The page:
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ORIGINAL FRENCH ARTICLE: La colère des « Hispanos »

by Special correspondent, Detroit

USA: The Anger of the Hispanics

Translated Tuesday 14 November 2006

The project to build a wall at the Mexican border is creating resistance and solidarity in the Hispanic community

“Mexican City”. It is here, in these rundown houses along desolate streets, full of pot-holes, that the majority of the Hispanic community of Detroit (some 100,000 people) have settled. In earlier times, this was an animated and flourishing neighborhood, close to the sky-scrapers of the city-center. Most of those that find refuge in this area are new arrivals “almost all without papers” explains Helena Herrada of the “Centro Obrero” (Worker Center).

Helena is herself of Mexican origin, from a family well-integrated in the USA, which arrived two generations ago: “My grand-father started working on the Cadillac assembly lines”, she tells us. Helena and a group of leftist activists, mostly union people, decided to create the “Centro Obrero” on the May 1, 2006. “It was an absolute necessity, the new immigrants are totally without resources. The companies in which they find work, in construction, car parts, or in the cleaning services, exploit them. It is undeclared work. Sometimes they are even fired without being paid.

The day we spoke to her, Helena and some friends were giving English literacy classes in a local made available by a section of the United Autoworkers Union (UAW): “All those here are illegal migrants. Sometimes we see one of them two or three times, then we don’t hear from them anymore, only to learn later that he was caught and sent back across the border, without the chance to contact legal services.”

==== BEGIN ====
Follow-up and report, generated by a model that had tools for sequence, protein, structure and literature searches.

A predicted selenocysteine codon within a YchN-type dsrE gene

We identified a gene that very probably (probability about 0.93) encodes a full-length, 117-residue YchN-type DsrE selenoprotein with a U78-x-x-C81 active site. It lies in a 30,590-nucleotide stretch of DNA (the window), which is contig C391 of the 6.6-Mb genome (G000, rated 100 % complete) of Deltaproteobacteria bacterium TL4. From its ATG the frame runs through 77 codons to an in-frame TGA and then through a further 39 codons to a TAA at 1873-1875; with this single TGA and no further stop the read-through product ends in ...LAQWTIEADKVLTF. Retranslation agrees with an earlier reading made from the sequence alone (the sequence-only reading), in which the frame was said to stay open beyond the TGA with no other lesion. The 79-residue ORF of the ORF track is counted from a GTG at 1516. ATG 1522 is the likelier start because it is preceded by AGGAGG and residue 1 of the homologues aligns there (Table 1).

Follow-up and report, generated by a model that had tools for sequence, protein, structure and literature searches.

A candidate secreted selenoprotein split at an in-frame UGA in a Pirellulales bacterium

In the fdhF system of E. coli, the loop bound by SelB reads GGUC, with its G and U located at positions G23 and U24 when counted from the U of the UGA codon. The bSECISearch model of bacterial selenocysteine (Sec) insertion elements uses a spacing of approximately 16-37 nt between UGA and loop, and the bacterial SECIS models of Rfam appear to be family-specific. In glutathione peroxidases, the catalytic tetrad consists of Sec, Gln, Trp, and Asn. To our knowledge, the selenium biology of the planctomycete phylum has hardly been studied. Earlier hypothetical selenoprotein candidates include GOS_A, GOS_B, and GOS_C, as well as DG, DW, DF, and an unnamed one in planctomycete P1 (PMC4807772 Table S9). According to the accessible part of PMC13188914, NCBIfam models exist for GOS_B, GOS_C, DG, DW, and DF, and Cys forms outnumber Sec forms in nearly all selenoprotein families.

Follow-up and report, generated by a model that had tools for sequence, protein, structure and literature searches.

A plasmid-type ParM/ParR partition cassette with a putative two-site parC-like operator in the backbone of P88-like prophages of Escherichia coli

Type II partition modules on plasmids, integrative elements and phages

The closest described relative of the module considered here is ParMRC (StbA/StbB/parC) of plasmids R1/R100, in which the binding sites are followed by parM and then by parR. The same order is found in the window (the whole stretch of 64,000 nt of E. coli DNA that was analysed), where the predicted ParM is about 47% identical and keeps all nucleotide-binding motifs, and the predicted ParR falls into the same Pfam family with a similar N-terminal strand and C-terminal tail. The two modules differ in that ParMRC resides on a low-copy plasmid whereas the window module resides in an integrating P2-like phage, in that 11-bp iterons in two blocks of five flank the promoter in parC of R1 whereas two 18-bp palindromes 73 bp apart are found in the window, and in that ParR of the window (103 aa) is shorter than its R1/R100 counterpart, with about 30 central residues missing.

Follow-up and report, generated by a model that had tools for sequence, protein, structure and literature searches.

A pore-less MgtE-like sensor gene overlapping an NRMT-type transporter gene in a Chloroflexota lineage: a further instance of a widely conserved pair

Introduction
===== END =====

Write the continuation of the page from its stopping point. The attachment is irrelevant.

“The wall is a huge insult” proclaims one of the participants in this atypical evening class. “None of these young people vote, of course” says Helena, but she adds, at once, that millions of the older members, who have been here two or three generations like her, have become citizens of the United States (there are thought to be 45 millions Latinos in the country) and they of course have the right to vote: they feel insulted and are much more ready than in the past to express these feelings on election day.

The Wall, an initiative of G.W.Bush, evidently to gain votes in the November election, could have counter-productive results. The goal of this project is to create divisions among those at the bottom of the scale in the United States. When it is suggested that stopping the arrival of Latino migrants will reduce the pressure on jobs and salaries, they are claiming to defend the interests of the Afro-Americans, in other words, 85% of the population living in the run-down center of Detroit.

This demagogy does have some influence on the population targeted. “But fortunately, we have very good contacts with the black municipality of Detroit which supports our struggle”, says Helena. She points out, with a laconic smile: “Everyone is aware that we must not let the Bush administration manipulate us, to turn poor communities against each other, and the only way we can help each other is through solidarity”.

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